Supreme Court Solidifies Right to Effective Assistance of Counsel during Plea Bargaining


By: Houston Criminal Lawyer John Floyd and Paralegal Billy Sinclair


There are two primary movers in our criminal justice system: criminal prosecution and criminal defense. We have posted many pieces on this blog dealing with prosecutorial misconduct. We have called it a blight on our criminal justice system. While we have touched upon specific instances where a criminal defense attorney either did or failed to do something that resulted in a finding effective assistance by the courts, we have not approached the subject as the “dirty little secret” on our side of the adversarial criminal justice process. We will now.


Eighteen months ago Dr. Emily D. West, Research Director, Innocence Project, issued the findings of her study concerning the association between DNA exonerations and ineffective assistance of counsel: Court Findings of Ineffective Assistance of Counsel Claims in Post-Conviction Appeals Among the First DNA Exonerations. The results were disturbing: 54 of the first 255 DNA exonerations in this country involved ineffective assistance of counsel claims—44 of which were rejected by the courts. Of the remaining ten, the courts found that three of the ineffective assistance claims did not “harm” the client; one secured the assignment of new counsel; and the remaining resulted in a reversal of conviction.


The most common types of ineffective assistance of counsel clams found by Dr. West were:


  • Failure to present a defense (often related to establishing/confirming alibi);
  • Failure to seek DNA testing or have serology testing done to exclude client;
  • Failure to object to prosecutor argument or to evidence introduced by the State;
  • Failure to interview witnesses in preparation for trial or to cross examine State witnesses;
  • Failure to investigate;
  • Failure to object to identification procedures; and
  • Failure to present expert testimony.

The reason Dr. West’s findings is so disturbing is because roughly 90 to 95 percent of all criminal defendants plead guilty, mostly through arranged plea bargains between defense counsel and the prosecutor. Virtually every defendant in a capital case must face a jury trial. The remaining defendants who plead not guilty can be placed in two categories: they are either innocent or are facing such lengthy prison sentences that a “plea deal” would still result in an unacceptable period of incarceration.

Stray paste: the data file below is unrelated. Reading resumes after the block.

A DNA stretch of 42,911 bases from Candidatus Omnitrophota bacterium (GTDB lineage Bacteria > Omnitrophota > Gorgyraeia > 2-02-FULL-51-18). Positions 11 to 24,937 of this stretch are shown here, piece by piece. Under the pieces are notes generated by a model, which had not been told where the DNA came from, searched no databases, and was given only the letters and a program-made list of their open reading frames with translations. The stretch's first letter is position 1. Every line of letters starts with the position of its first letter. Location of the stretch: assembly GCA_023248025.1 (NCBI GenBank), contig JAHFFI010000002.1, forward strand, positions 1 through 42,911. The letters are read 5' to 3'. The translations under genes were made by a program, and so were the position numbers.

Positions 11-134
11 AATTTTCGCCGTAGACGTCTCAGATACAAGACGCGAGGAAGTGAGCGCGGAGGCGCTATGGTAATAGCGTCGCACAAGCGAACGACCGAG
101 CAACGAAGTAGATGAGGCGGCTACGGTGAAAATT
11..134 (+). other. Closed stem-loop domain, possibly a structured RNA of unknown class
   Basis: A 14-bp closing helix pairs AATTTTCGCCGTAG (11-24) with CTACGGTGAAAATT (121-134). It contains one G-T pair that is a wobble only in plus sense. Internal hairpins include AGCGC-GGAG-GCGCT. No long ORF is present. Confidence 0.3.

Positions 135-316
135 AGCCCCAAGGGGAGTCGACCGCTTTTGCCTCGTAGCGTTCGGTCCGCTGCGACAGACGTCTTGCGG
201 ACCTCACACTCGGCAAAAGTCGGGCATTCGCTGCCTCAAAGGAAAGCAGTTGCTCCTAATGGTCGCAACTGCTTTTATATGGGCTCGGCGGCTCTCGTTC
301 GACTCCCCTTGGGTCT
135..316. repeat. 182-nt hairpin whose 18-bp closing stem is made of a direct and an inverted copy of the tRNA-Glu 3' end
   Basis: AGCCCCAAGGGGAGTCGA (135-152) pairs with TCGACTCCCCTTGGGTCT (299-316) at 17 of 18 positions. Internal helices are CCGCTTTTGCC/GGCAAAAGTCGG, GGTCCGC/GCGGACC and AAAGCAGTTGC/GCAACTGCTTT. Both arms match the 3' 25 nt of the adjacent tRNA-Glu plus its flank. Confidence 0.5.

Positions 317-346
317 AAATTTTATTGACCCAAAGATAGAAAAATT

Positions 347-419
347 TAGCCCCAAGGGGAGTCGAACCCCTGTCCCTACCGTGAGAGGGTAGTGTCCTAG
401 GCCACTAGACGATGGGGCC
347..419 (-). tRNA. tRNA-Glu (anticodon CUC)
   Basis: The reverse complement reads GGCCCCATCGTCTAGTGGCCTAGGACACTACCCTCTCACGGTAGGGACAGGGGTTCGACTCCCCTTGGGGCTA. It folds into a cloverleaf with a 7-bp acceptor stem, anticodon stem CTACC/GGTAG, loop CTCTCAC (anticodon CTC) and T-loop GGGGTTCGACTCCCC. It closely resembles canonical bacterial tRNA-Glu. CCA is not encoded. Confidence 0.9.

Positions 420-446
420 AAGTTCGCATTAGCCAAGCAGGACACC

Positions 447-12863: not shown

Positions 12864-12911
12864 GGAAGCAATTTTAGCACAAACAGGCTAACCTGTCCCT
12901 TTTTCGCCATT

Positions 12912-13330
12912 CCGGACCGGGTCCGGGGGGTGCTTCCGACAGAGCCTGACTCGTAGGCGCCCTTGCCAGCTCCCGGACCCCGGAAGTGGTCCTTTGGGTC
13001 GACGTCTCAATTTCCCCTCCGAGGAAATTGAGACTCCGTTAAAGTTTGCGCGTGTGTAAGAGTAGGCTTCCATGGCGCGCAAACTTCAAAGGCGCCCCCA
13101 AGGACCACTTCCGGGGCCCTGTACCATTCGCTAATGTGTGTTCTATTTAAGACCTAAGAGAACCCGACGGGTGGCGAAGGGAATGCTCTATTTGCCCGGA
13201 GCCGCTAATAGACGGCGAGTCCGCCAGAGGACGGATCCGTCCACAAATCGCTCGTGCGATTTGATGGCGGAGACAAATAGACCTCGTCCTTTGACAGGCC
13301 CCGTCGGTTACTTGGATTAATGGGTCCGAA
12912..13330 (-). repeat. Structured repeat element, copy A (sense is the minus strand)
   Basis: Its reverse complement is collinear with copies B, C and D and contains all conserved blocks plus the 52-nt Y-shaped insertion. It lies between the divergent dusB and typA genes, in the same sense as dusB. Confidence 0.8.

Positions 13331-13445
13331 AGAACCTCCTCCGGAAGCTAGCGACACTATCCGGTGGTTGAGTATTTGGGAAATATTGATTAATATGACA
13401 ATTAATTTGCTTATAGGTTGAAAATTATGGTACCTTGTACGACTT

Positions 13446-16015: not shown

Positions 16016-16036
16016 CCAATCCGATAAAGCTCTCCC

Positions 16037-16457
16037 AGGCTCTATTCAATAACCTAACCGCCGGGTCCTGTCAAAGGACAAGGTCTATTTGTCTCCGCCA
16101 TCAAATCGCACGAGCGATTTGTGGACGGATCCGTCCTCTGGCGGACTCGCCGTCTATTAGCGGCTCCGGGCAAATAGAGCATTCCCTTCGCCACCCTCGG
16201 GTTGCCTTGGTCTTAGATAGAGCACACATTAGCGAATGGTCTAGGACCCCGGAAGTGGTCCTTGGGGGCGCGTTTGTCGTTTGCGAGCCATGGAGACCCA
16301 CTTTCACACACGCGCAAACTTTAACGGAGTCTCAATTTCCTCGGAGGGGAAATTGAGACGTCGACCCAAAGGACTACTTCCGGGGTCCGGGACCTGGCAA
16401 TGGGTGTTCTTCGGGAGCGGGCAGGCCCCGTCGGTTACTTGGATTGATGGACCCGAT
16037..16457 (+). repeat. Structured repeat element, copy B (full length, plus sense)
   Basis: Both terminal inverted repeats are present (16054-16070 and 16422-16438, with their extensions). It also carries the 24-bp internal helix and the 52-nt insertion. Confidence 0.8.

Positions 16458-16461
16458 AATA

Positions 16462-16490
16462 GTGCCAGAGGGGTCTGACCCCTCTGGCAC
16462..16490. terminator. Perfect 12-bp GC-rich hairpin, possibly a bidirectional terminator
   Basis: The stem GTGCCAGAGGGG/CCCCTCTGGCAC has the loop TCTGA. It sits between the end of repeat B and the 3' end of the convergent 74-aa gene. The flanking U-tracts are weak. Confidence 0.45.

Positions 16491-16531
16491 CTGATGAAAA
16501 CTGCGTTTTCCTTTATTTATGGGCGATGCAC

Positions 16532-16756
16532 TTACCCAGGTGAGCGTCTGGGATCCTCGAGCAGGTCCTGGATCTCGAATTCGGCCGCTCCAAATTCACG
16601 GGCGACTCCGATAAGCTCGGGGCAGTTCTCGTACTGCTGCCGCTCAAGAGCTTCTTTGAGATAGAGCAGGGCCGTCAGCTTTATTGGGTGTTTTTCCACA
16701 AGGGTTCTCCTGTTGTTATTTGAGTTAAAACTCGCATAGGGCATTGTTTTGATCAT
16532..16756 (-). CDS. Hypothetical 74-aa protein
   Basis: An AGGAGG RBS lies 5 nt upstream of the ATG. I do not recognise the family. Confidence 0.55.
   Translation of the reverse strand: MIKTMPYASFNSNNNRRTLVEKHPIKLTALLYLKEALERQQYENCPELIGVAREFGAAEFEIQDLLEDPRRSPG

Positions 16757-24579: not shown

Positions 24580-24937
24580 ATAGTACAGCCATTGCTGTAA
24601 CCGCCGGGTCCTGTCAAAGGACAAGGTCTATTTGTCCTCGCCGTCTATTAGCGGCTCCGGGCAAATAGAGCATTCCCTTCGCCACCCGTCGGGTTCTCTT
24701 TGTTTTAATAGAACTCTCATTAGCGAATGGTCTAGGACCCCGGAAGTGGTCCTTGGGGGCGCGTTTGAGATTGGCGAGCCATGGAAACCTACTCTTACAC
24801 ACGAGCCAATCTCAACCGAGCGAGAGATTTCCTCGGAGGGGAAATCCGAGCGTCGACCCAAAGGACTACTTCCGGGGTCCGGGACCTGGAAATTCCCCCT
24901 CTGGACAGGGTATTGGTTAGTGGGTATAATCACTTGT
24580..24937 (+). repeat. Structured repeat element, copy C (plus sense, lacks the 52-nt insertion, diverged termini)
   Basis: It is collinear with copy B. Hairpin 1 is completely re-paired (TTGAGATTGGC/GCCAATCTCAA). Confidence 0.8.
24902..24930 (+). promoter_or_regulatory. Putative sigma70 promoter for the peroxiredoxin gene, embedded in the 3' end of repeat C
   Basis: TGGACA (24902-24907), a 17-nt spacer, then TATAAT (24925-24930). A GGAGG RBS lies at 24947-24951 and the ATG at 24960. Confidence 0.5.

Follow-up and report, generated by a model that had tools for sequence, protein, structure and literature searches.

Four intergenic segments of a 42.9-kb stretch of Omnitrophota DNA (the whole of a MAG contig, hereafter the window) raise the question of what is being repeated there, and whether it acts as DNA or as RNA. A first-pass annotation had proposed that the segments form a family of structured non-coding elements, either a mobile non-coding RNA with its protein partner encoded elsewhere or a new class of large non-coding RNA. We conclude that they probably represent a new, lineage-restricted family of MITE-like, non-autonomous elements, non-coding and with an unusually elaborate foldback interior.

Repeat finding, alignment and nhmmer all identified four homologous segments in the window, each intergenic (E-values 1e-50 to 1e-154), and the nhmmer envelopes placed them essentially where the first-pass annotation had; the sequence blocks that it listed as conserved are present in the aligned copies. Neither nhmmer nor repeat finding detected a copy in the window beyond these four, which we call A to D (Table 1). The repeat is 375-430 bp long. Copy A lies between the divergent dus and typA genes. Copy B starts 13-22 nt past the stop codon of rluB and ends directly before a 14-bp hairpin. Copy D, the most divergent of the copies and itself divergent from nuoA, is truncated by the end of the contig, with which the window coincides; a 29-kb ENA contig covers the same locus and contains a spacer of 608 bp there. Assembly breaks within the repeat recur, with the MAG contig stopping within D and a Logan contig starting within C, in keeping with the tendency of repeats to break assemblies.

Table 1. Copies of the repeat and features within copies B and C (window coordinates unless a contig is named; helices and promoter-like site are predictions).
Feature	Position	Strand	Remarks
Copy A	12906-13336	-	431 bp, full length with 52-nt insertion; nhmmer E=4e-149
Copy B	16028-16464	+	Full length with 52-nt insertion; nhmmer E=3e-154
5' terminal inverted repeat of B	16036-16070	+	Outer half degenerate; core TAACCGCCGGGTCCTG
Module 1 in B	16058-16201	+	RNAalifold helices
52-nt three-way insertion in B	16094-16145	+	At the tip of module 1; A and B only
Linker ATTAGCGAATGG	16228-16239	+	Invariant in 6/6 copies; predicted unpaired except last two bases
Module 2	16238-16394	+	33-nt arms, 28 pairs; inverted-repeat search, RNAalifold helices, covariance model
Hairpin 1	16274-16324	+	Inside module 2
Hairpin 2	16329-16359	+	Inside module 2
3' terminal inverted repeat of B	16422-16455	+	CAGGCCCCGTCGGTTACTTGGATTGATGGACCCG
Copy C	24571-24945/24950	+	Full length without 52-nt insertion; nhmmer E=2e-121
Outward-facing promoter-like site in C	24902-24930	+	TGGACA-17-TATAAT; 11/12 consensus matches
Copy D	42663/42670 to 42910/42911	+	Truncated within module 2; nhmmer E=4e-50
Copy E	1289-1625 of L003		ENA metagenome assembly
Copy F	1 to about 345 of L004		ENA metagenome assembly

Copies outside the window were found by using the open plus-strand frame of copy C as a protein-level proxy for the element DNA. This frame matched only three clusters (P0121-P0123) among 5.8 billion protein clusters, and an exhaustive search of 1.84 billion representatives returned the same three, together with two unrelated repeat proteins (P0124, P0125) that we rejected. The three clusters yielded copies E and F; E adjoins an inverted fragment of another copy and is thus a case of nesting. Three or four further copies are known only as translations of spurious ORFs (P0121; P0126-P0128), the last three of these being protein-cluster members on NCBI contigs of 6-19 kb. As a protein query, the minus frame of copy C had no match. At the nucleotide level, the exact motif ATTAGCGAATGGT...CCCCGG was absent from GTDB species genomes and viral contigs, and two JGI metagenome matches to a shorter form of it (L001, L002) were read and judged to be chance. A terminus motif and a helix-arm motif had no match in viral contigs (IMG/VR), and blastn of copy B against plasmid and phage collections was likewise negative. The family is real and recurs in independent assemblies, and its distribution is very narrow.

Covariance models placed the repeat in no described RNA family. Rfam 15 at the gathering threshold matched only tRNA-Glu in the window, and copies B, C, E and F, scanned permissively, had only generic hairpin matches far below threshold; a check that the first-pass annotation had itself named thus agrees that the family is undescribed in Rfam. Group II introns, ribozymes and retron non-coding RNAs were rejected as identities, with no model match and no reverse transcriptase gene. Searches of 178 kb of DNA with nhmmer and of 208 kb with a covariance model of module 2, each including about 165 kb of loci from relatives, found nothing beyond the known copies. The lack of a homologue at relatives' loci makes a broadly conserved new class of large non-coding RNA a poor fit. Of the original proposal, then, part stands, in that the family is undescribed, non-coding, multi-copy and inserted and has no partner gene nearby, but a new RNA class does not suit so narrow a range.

Today’s criminal defense attorney, particularly “appointed” counsel and “public defenders,” evolved out of the 1963 landmark decision by the Supreme Court in Gideon v. Wainwright which recognized the right of every “indigent” criminal defendant to have the assistance of counsel. Gideon itself actually evolved out of another landmark decision by the Supreme Court thirty years earlier: Powell v. Alabama, the famous Scottsboro Boys case, which recognized the right of a defendant in a capital case to have the assistance of counsel. Ten years after Powell the Supreme Court once again waded into the “right to counsel” issue in Betts v. Brady holding that under “special circumstances,” like those in Powell, non-capital defendants were also entitled to the assistance of counsel.


But it was Clarence Earl Gideon’s case that triggered the criminal defense attorney boon in our criminal justice system. Crime increased. Criminal defense attorneys increased. Law school enrollment skyrocketed. But the “clarion call of Gideon’s trumpet” soon fell on sour notes. Criminal trials were expensive, and time-consuming, especially for state prosecutors. And with the right to state-appointed counsel etched in constitutional stone, criminal defendants of all stripes began to exercise their right to a jury trial over pleading guilty. The guilty plea process fell on hard times, briefly. But prosecutors, being an ingenuous sort of breed, came up with what they believed was the ideal solution: plea bargaining. Prosecutors and defense attorneys would “talk shop,” examining the sentence exposure an indigent defendant was facing, the kind of evidence against him, and the need to avoid that expensive trial. Both sides allowed it to become an unspoken facet of American criminal justice.


It didn’t take long for plea bargaining to develop a seedy side as prosecutors became more threatening in their desire to secure a guilty plea. They told defendants either personally or through counsel that they could take the “deal” on the table or face the maximum sentence following conviction after a trial.